In addition to the dinosaurs, the park will include displays showing the development of Earth from the big bang to the creation of oceans and mountains, before arriving in the age of the dinosaurs. An adjoining exhibition hall will house temporary exhibitions, some of which are likely to be loaned from leading Natural History museums.
The Dubai project is the first of a series of four scientific theme park-style attractions which the museum plans to develop overseas. It seems apt that having built up the state on a fossil fuel economy, that other fossils should now act as the inspiration for the development of Dubai as a major tourist attraction.
The emphasis will be on realism, with realistic prehistoric animals wandering a realistic prehistoric landscape.
Below is a copy of the press release sourced from the Restless Planets own site:
“Imagine going back 100 million years or more… to feel the power of the cosmic forces that helped shape our planet, and come face to face with giant dinosaurs. Restless Planet is a unique electronic media and natural history experience… where visitors enter a prehistoric world.
Restless Planet offers the world’s ultimate theme ride back into the mists of time – through the state-of-the-art electronics of today. Here, in the glittering new City of Arabia, you are transported back millions of years into the prehistoric kingdom of the dinosaurs. The world-renowned Natural History Museum of London has drawn on the elite of science, entertainment and technology expertise to realise the dream of bringing these giant creatures and the mysteries of the nature of our planet to life.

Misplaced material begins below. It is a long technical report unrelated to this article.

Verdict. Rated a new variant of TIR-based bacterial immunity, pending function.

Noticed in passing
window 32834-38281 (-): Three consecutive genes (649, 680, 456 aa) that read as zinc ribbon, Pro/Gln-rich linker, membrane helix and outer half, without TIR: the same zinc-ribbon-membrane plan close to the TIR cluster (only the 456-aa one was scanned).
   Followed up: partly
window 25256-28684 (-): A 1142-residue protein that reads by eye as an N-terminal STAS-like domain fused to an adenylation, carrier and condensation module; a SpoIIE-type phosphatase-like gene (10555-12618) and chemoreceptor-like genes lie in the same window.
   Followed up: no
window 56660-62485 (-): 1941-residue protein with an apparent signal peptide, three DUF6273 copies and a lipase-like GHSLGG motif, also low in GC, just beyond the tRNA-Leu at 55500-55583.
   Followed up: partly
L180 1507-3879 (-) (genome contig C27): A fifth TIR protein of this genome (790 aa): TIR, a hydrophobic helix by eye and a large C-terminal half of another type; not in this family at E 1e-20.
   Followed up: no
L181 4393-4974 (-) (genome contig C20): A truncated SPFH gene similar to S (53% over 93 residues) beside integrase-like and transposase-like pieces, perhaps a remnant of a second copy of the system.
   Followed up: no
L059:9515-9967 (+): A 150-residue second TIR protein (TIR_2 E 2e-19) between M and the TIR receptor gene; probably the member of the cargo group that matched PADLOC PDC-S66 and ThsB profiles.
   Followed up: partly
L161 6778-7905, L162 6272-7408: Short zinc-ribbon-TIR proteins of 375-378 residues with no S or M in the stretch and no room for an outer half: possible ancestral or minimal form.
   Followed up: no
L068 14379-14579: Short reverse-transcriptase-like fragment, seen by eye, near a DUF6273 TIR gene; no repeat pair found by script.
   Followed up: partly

Along with the acclaimed dinosaur authority Jack Horner, Tokyo-based animatronics team Kokoro have recreated the real life creatures of the Jurassic era, the visitor experience is designed by international theme park specialists Jack Rouse Associates and is enclosed by a 75-metre dome, designed by international specialists firm RH Architects.
Gathered from the latest research available, the creators of the Restless Planet transport you into an age where earth-shattering events impacted the world. From earthquakes, eruptions and meteor strikes, the evolving shape of our planet will come alive before your eyes.
Step back in time to when our Earth was young. Feel your heart race as you travel through a Jurassic landscape alongside gigantic dinosaurs. Restless Planet is a unique, world-class natural history phenomenon, designed to draw tourists and investment and put Dubai into the scientific spotlight on the international stage.
A first of its kind in the world, Restless Planet will respond to breaking dinosaur discoveries through an ongoing programme of exhibits, announcements and events. No visit to Dubai will be complete without the thrill of stepping into our primitive world. Real natural history and entertainment – more exciting and authentic than ever before, and an attraction for all ages.”
With the world-wide “Walking with Dinosaurs” tour continuing to pack stadia I am sure this attraction will prove a success. However, whether or not they are able to satisfy the keen eyed palaeontologists on the exhibits accuracy is a different kettle of animatronic fish. For example, in the publicity DVD to promote the park, a tracking shot of Brachiosaurs and Stegosaurs majestically walking across a plain is interrupted by the passing overhead of a large Pterosaur. The problem is that the flying reptile is clearly modelled on an Pteranodon ingens, pterosaurs like this evolved long after the likes of Brachiosaurs and Stegosaurs had disappeared – never mind.